For the first time in 30 years, a Presidential candidate makes the Fed an issue

It has been about 30 years, and perhaps going back to the 1987 stock market crash since the Federal Reserve has been a point of debate during a Presidential race.  But in 2016, and at a time when the credibility of the central bank is being questioned from economists and even the business media, Donald Trump is sensing blood in the water and last week decided to put the Fed on trial for the American people to vote for or against in this year’s Presidential election.

The Fed last year publicly stated that it was time to raise rates for the first time in a decade after continuously decrying that the economy was in recovery, and that their data dependence regarding jobs and inflation were well under their chosen benchmarks.  But after a minuscule hike of just a quarter point last December led to a two month smash in the stock markets, the Fed backtracked over the following nine months and has become disconnected in their messages with some Fed Presidents saying a hike was imminent, while in the end Janet Yellen did nothing.

What Trump knows is that the Federal Reserve, the most powerful central bank in the world, since inception was to be autonomous and separate from the political transgressions of Washington.

Historically, the White House and presidential politics, let alone candidates, commenting on interest rates, monetary policy and items related to the Fed mandate was a “hands off” area.  This norm seems to have hit deaf ears with the GOP candidate.

Trump appears to now be taking on the Federal Reserve and interest rate speculation.

Only days after his commentary, Trump doubled down on his prior commentary saying, “She’s keeping [rates] artificially low to get Obama retired” He then expanded on Yellen’s actions personally stating, “Watch what is going to happen afterwards. It is a very serious problem… and to a certain extent, I think she should be ashamed of herself.” - Daily Reckoning

The reality is that the Fed has long since abandoned their original mandates and have become the overseer of all monetary and fiscal policies.  In fact, both Ben Bernanke and Janet Yellen have spoken on more than one occasion that their job is not only to deal with inflation and unemployment, but to also protect stock markets and foreign banks from their own mistakes and corruptions.

Congress to Yellen: 

ROYCE: I’m worried that the Federal Reserve has created a third pillar of monetary policy, that of a stable and rising stock market. And I say that because then-Chairman Bernanke, when he appeared here, stated repeatedly that, “the goal of QE was to increase asset prices like the stock market to create a wealth effect.” That seems as though that was goal. It would stand to reason then that in deciding to raise rates and reduce the Fed’s QE balance sheet standing at a still record $4.5 trillion, one would have to be prepared to accept the opposite result, a declining stock market and a slight deflation of the asset bubble that QE created. Yet, every time in the past three years when there has been a hint of raising rates and the stock market has declined accordingly, the Fed has cited stock market volatility as one of the reasons to stay the course and hold rates at zero. So indeed, the Fed has backed away so many times from rate normalization that - and I think this is a conceptual problem here that the market now expects stock market volatility to diminish the odds of a rate increase. So Madame Chair, is having a stable and rising stock market a third pillar or the Federal Reserve’s monetary policy if I go back to what I originally heard Ben Bernanke articulate? - Zerohedge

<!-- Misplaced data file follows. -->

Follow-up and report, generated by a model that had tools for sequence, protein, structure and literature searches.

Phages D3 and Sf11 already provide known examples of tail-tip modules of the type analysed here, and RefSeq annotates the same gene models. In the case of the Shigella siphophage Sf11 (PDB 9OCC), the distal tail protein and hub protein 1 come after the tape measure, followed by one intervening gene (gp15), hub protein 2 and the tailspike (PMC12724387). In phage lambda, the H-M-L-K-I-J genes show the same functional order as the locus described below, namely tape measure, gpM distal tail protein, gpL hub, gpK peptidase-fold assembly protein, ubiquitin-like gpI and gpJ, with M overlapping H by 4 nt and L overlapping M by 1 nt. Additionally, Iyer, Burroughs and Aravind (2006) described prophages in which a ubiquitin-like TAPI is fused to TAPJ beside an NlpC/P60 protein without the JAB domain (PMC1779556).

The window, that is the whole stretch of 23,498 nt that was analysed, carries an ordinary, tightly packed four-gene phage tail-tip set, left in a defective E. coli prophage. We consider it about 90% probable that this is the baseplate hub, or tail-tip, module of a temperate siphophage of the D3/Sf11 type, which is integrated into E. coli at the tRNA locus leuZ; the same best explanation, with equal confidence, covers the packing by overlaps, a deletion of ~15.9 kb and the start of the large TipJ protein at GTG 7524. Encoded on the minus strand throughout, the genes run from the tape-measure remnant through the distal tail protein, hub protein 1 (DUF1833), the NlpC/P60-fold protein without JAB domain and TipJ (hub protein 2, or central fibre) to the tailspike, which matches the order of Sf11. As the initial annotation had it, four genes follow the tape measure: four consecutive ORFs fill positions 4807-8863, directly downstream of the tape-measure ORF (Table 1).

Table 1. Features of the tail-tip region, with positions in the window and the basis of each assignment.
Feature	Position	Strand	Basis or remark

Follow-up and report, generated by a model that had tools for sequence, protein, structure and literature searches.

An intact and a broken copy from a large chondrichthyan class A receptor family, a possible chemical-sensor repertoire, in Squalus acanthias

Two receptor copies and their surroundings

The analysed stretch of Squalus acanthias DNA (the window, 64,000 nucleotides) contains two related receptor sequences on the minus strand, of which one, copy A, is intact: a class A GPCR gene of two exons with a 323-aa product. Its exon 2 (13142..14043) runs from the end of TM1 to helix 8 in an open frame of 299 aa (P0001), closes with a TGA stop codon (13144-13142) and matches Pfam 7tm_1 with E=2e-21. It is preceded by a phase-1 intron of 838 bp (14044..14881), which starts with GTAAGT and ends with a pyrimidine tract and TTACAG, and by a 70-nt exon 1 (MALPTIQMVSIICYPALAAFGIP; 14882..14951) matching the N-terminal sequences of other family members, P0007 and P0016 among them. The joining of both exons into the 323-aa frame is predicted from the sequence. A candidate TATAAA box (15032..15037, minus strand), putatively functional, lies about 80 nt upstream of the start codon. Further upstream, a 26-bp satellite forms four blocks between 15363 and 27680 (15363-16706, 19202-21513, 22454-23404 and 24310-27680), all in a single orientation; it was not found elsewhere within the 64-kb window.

Bernanke supplying case through QE to foreign banks:

We followed that with more analyses, showing explicitly how the Fed was providing a constant cash injection toforeign banks courtesy of the rate on overnight reserves which is the amount Fed pays to banks that hold reserves with it, as the bulk of reserves continued to end up with foreign banks - a situation set to become a huge political storm some time in 2014-2015 when the IOER has to rise and the Fed is “found” to have injected tens of billions of “interest” not into US banks but in foreign banks operating in the US, and which then can upstream the “profits” to insolvent offshore domiciled holding companies.

This means that, as we expected several months ago, the only recipient of ongoing Fed money printing are not US banks, but foreign banks operating in the US. - Zerohedge

In part, the problem can also be laid at the feet of Congress, who is the primary authority to regulate the Fed.  But since 2008, Congress has not only failed in their duties, but in some cases has demanded that the central bank do more than their mandates.  But eight years after the Credit Crisis and subsequent Great Recession, the Fed has now reached a point where they are completely out of viable ammunition, and if someone doesn’t reign them in, the consequences could be monetary policies that will change the landscape of banking, finance, and money forever.

Kenneth Schortgen Jr is a writer for,, and To the Death Media, and hosts the popular web blog, The Daily Economist. Ken can also be heard Wednesday afternoons giving an weekly economic report on the Angel Clark radio show.